Themed & Fun
What can I say? There are a number of pretty funky designs out there for cat trees. Some are themed to go with certain likes and dislikes. I like the ones that are made to look like trees with fake leaves on them. Like this one from CatHaven. Others are fashioned to look like small villages and well, if you find a theme that fits your home décor, then you may want to lean in that direction. There are cat activity trees that are really quite intricate in design that personally I think may look great in some settings. But may not measure up in the main purpose of having one.
What I mean is, while I want something that looks good in my home, it still has to be a cat activity tree that keeps Roger and Doogle interested and busy. A pretty tree or a fashionable tree may not fulfill the ‘cat activity’ part so it is important to carefully view the trees as if you were your cat. If you can imagine that at all. In our house, the cat trees we have and have had, all are big on function and fun. If my boys spend most of the day with these, then I know they are enjoying it.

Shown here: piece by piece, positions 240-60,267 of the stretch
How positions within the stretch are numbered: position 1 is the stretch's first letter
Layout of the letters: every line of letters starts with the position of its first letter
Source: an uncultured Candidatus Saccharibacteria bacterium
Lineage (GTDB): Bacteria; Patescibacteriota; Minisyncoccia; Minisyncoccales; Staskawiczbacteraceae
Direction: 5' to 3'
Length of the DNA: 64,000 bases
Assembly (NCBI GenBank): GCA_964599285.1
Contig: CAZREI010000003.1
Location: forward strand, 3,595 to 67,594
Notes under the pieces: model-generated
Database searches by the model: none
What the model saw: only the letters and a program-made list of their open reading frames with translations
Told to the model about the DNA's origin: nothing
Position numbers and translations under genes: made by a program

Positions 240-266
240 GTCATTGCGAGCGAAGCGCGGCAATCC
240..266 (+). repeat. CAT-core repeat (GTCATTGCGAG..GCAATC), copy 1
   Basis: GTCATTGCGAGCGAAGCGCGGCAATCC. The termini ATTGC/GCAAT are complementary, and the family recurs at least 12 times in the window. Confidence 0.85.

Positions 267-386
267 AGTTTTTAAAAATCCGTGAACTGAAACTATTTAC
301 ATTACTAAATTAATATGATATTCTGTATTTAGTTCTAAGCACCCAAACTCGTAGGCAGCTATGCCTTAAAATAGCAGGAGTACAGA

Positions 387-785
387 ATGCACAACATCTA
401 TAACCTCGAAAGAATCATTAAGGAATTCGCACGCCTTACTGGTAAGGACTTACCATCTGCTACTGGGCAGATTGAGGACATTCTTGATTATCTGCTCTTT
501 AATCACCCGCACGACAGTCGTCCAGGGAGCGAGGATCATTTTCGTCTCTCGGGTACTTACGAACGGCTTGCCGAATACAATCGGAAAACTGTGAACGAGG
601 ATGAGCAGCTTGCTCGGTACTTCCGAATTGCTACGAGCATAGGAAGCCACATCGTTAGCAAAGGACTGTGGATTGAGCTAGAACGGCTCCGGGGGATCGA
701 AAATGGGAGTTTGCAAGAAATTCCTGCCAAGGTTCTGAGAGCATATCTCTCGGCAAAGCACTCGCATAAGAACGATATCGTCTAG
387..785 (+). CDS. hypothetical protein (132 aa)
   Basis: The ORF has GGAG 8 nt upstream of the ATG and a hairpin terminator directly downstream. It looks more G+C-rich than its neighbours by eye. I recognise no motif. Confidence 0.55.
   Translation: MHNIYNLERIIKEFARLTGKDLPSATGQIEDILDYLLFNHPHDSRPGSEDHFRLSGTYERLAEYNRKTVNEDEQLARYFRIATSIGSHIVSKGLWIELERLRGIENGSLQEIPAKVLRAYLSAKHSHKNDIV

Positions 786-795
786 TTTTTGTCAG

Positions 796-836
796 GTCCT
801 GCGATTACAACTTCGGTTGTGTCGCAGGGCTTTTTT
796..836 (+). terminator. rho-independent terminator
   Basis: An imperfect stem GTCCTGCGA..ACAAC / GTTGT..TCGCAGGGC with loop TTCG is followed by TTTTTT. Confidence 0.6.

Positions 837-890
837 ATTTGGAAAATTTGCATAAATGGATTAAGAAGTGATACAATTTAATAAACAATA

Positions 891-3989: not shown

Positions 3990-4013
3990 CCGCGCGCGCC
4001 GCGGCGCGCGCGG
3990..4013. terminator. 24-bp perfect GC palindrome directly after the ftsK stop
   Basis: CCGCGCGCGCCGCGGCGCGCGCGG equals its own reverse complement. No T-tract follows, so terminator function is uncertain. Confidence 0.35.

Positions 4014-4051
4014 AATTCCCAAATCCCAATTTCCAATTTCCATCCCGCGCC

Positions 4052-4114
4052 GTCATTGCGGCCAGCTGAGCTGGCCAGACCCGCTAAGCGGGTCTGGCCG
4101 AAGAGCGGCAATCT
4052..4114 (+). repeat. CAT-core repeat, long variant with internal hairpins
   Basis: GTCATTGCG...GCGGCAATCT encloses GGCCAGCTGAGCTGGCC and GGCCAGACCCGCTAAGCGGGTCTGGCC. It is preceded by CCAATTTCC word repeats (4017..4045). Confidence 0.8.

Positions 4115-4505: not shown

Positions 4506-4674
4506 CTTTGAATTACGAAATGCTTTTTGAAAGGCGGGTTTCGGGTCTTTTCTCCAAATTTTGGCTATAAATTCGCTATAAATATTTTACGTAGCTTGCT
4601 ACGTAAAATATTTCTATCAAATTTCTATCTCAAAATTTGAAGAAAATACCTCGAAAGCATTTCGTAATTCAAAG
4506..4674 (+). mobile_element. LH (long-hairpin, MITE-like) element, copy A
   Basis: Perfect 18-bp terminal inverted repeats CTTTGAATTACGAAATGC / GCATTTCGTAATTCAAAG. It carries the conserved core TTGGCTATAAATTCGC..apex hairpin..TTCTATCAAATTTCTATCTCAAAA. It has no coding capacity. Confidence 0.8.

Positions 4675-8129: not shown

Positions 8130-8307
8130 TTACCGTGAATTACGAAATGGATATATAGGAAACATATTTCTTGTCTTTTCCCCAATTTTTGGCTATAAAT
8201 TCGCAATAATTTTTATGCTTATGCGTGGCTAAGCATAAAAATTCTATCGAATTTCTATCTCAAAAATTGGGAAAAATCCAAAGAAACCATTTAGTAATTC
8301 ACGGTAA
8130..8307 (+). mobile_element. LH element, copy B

4. Cat Tree Price
As you may have already noted on this website, cat trees come in many different price ranges. If you are on a budget, there are several affordable options available to you. Essentially, cat activity trees come in prices that I would classify as Budget, Mid-Range and High End. What I found amazing about all three categories is that although some features only appear at the higher end of the price scale, all cat trees have the following basic elements:
- Scratching posts
- Padded coverings
- Multiple levels
If you were to stop me on the street one day for advice on what your cat tree should have in or on it. I would list the four items above. So, with this in mind, you just need to determine how much you can afford to spend on your cats and match that with the list above. You will be somewhat amazed at what you'll be able to get for under $100. Just look at these great cat trees!
Now I must add one important point to this. Remember, the cat tree you buy is for your cat(s). The cost will have no bearing on what your feline friend is going to think about it. However, you do need to match the tree to your cat’s needs so you may find yourself spending a little more than you planned on in order to address this.
5. Final Considerations